Mississippi AG Fitch: ‘We’ve Closed Roe and Now We Get to Ride the Dobbs Era’

Spencer J. Fairfield | January 23, 2023 | 3:29pm EST
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Mississippi Attorney General Lynn Fitch.  (Screenshot, EWTN on YouTube)
Mississippi Attorney General Lynn Fitch. (Screenshot, EWTN on YouTube)

(CNSNews.com) -- The Supreme Court's decision to overturn Roe v. Wade "is only the beginning," said Mississippi Attorney General Lynn Fitch at the 50th annual March for Life on Jan. 20. Fitch played a key role in the historic decision to overturn Roe v. Wade by filing a brief with the high court during the Dobbs case. 

“We can protect life. But this is not the end of our journey,” said Fitch at the March for Life. “It is only the beginning. Until we can give women when they are most vulnerable what they need, so they and their children may thrive, until we can make the changes in our laws that reflect our compassion for all life, until we can change hearts and minds in our fellow Americans, until then, life remains fragile and the embrace of human dignity remains aspirational.”

Fitch continues to fight for the pro-life movement. She recently signed onto a letter sent to the FDA addressing its new policy that allows abortion drugs (mifepristone) to be dispensed at retail pharmacies. In the past, a woman had to obtain the drug in-person from her doctor and consume the drug in the doctor’s presence. 

U.S. Supreme court justices, 2022-23.  (Getty Images)
U.S. Supreme Court justices, 2022-23. (Getty Images)

Twenty-two attorneys general, including Fitch, have called the FDA’s new policy “illegal and dangerous.”

When asked about how she and other pro-lifers can stop the use of chemical abortions, Fitch told CNSNews.com, “It is important to see conservative Attorneys General rallying together. We are fighting the battles with our letters. We are filing lawsuits together. We file amicus briefs in support. We’ll probably be doing that in this case as well.”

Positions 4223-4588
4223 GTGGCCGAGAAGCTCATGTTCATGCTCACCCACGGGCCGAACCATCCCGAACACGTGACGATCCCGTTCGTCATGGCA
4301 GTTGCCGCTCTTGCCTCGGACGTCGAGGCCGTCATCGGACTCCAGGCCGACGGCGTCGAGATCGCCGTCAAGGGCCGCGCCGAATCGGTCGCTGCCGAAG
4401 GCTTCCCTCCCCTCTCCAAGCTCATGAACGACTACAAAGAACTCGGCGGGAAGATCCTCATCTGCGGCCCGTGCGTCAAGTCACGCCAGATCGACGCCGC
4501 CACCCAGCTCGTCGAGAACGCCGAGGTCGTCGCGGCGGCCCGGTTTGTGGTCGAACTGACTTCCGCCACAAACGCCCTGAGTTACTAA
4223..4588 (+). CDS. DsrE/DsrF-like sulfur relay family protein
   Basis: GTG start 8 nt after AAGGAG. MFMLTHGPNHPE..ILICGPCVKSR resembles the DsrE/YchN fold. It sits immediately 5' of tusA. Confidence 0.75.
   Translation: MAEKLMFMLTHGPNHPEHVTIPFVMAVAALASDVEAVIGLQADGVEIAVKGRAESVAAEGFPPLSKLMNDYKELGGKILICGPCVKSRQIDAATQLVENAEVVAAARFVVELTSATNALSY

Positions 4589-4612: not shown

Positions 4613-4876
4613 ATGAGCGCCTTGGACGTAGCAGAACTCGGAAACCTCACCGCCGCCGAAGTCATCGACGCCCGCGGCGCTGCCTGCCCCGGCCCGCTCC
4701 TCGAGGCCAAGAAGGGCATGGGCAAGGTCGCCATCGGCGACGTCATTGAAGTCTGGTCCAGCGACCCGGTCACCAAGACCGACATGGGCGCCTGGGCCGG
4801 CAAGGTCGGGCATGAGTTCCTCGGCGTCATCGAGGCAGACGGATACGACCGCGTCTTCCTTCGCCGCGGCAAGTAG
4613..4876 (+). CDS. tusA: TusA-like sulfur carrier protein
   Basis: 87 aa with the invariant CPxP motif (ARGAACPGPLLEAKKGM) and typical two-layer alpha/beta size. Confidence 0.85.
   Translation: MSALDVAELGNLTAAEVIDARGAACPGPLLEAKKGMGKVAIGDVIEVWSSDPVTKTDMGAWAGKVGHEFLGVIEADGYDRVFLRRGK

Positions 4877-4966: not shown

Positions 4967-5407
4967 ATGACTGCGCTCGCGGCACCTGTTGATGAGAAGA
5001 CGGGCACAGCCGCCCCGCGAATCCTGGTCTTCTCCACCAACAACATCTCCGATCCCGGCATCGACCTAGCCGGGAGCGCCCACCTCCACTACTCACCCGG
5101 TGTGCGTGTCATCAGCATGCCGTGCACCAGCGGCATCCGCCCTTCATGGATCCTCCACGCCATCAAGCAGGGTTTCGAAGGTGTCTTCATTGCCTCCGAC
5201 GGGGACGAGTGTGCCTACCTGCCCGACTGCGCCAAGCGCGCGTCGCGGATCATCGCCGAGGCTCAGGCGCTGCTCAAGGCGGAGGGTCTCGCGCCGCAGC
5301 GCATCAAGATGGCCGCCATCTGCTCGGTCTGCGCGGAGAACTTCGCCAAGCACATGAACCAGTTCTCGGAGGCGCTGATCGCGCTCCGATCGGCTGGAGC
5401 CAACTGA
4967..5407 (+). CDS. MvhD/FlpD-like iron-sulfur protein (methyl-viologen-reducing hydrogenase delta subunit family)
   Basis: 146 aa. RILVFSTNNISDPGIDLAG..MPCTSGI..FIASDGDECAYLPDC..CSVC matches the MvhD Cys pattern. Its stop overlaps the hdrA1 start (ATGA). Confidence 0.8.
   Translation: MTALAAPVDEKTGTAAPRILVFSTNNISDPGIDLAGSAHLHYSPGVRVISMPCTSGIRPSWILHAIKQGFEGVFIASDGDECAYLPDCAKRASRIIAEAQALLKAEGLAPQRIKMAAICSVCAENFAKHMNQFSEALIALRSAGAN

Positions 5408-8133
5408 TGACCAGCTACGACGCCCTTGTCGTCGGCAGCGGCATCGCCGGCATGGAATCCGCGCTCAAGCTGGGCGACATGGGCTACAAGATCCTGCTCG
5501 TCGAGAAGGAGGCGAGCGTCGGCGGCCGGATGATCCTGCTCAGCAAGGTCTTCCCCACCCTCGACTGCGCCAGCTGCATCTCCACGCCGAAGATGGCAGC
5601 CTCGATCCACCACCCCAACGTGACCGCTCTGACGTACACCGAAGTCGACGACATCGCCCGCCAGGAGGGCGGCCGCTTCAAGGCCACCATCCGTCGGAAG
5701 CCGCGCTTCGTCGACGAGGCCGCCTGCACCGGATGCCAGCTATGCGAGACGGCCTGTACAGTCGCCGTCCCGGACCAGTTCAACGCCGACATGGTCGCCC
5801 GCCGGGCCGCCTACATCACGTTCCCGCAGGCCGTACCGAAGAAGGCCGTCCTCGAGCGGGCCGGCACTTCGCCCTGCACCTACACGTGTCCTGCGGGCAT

In a related matter, Fitch, along with 16 attorneys general, filed an amicus brief on Jan. 18 in the U.S. District Court, Western District of Texas, Waco Division.  The brief argues against the Department of Veterans Affairs’ (VA) proposal to permit taxpayer-funded abortions for veterans and their beneficiaries.

“In direct contravention of the Supreme Court’s opinion in Dobbs, President Biden has taken abortion policy away from state legislators, Congress, and, most importantly, the people and given it to political appointees in his own administration,” said Fitch in a statement about the brief.  “The Dobbs decision was about the rule of law. This VA rule is precisely the opposite.”

At the march, CNSNews.com asked Fitch what can Congress and the Supreme Court continue to do for pro-life rights?

She said, “When we went to the Supreme Court, in the Dobbs case, we asked and we framed our brief: empower women, promote life, and return it to the people. And that is exactly what they did. …  We are moving forward. There are next steps. This is a new chapter in American history. We’ve closed Roe, now we get to ride the Dobbs era. We have to be prepared, we have to be unified, we have to stand strong together.”

Furthermore, she spoke about the steps she's taking in her own state to advance the pro-life movement. “We are addressing policy and affordable childcare,” she said, “child support enforcement,” and “adoption and foster care systems.”

“In Mississippi, we are working together with our legislature, our agencies and we’re going after, addressing policy and affordable childcare to make it accessible to everyone,” Fitch told CNSNews.com.  “Right now it costs more to send a toddler and an infant to daycare than it does to send a student to one of our fine colleges and universities. That’s pretty unacceptable.”

“We are working on workplace flexibility for young mothers,” she added.  “Child support enforcement. Fathers should be equally responsible for their children. … For far too long women have been bearing that burden financially.”

“Lastly, we’re going to address adoption and foster care systems,” said Fitch. “Quite frankly they are broken and we have done a disservice to the children and we have got to get them to loving families as quickly as possible. A lot of good opportunities ahead.”

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